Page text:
Most of our readers have heard the advice of seasoned attorneys regarding estate planning: get it done sooner rather than later. There is good reason for this advice. Engaging in early (and ongoing) estate planning can prevent a lot of problems, not only on a personal level, but also at the level of the family.
One way more and more couples are doing this is by using prenuptial agreements to define the way property is to be handled at the death of a spouse. This is a growing trend particularly among those who are marrying later in life who, in addition to bringing greater assets to the table, may also have children from a previous marriage they want to provide for.
The usefulness of prenuptial agreements, for those not familiar with them, is that they can be used to change the rules by which property is divided, not only with respect to divorce, but also at the death of a spouse. The same is true of a last will and testament and other aspects of estate planning, of course, but handling property issues in a prenuptial agreement presents an opportunity to take greater control of how property is dealt with at death within the context of the marital relationship.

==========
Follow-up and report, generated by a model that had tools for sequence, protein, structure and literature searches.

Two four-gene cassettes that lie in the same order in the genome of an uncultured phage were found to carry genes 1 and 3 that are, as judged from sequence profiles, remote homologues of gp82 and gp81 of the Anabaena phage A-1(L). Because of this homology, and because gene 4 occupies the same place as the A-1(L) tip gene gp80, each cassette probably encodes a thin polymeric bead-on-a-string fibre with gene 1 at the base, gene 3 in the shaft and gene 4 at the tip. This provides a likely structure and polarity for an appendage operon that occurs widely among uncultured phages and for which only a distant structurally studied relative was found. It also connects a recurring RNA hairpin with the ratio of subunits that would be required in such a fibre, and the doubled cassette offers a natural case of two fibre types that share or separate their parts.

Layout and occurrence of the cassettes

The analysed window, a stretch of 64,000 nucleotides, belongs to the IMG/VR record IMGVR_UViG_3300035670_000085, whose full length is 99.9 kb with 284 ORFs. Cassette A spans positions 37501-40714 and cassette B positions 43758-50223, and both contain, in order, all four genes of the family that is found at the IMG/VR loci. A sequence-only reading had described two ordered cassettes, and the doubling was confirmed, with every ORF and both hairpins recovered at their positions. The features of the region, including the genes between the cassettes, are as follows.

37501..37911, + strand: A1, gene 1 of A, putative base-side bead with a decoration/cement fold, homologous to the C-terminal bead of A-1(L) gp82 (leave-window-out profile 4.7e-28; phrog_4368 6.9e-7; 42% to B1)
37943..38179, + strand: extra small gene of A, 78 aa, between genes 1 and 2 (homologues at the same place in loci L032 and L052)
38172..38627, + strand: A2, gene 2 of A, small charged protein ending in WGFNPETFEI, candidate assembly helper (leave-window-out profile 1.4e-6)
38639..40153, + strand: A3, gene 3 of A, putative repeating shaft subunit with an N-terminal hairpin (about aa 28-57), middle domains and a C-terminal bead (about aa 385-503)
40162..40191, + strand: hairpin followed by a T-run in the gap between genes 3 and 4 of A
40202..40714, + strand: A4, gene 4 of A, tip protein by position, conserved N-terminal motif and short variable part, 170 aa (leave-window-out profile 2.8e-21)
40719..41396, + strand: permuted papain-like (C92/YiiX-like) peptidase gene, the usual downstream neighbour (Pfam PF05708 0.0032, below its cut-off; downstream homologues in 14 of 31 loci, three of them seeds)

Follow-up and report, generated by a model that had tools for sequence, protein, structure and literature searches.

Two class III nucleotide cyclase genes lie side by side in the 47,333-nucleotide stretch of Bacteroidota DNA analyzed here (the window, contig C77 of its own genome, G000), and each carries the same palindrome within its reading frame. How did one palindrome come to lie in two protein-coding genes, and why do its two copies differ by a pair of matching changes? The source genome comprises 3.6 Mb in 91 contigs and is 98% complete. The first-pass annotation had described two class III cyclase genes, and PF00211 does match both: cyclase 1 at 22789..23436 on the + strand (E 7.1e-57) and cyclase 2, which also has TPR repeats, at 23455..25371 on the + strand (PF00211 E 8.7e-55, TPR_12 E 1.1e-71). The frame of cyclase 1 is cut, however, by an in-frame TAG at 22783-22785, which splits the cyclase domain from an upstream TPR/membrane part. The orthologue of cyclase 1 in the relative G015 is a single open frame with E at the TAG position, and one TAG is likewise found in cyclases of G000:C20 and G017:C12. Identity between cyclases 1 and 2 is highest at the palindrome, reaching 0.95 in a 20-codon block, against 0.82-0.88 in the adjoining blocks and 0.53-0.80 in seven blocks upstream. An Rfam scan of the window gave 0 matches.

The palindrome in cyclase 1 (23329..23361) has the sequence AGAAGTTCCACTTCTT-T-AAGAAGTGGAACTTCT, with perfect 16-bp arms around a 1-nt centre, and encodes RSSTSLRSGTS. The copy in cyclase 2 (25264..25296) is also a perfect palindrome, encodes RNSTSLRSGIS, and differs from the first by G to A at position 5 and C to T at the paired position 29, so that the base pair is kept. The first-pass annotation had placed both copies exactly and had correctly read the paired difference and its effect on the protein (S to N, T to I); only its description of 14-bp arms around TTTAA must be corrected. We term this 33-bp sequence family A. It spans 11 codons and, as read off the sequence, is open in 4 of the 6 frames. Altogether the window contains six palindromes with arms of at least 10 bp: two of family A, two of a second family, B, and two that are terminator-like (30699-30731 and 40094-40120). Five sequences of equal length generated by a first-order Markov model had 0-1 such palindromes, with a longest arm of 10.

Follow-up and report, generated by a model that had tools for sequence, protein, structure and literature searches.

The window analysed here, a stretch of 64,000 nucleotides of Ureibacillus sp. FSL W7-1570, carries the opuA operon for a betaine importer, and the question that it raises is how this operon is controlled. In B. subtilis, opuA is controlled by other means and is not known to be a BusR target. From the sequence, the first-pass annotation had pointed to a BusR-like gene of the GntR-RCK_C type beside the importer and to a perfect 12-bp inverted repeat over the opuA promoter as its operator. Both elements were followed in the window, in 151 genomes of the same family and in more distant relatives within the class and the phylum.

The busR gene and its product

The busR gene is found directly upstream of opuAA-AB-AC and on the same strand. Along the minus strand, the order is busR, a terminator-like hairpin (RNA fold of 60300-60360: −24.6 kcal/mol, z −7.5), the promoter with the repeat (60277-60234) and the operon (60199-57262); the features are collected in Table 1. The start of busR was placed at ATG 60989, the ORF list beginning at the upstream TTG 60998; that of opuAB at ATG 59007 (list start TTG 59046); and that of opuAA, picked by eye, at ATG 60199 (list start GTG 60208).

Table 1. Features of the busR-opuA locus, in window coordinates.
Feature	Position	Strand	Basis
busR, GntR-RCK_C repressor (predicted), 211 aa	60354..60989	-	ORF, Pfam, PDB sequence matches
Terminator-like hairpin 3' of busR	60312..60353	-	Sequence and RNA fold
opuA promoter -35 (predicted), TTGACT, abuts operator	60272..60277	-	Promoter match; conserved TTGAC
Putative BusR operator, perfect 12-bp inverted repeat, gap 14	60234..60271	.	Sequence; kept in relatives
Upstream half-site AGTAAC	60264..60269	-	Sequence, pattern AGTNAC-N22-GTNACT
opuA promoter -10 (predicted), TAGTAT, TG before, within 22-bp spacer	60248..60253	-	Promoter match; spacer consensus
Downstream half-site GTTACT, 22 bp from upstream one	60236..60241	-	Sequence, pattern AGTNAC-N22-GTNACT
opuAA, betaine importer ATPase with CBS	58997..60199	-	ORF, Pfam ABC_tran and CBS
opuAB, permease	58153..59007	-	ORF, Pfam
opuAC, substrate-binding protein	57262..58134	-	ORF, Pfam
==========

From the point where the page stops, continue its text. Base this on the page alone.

So, although prenuptial agreements are popularly considered to be essentially divorce-planning tools, they can also touch on issues that are traditionally handled in estate planning. The key with this approach is to make sure the prenuptial agreement is coordinated with any estate planning documents, and to make sure that everything is updated as changes occur. Failure to coordinate a prenuptial agreement with a will, beneficiary designations and other documents could make for an uncoordinated and ineffective plan.
With any approach to estate planning, too, it is critical to work with an experienced attorney to ensure that a comprehensive plan is established which will effectively meet your specific needs.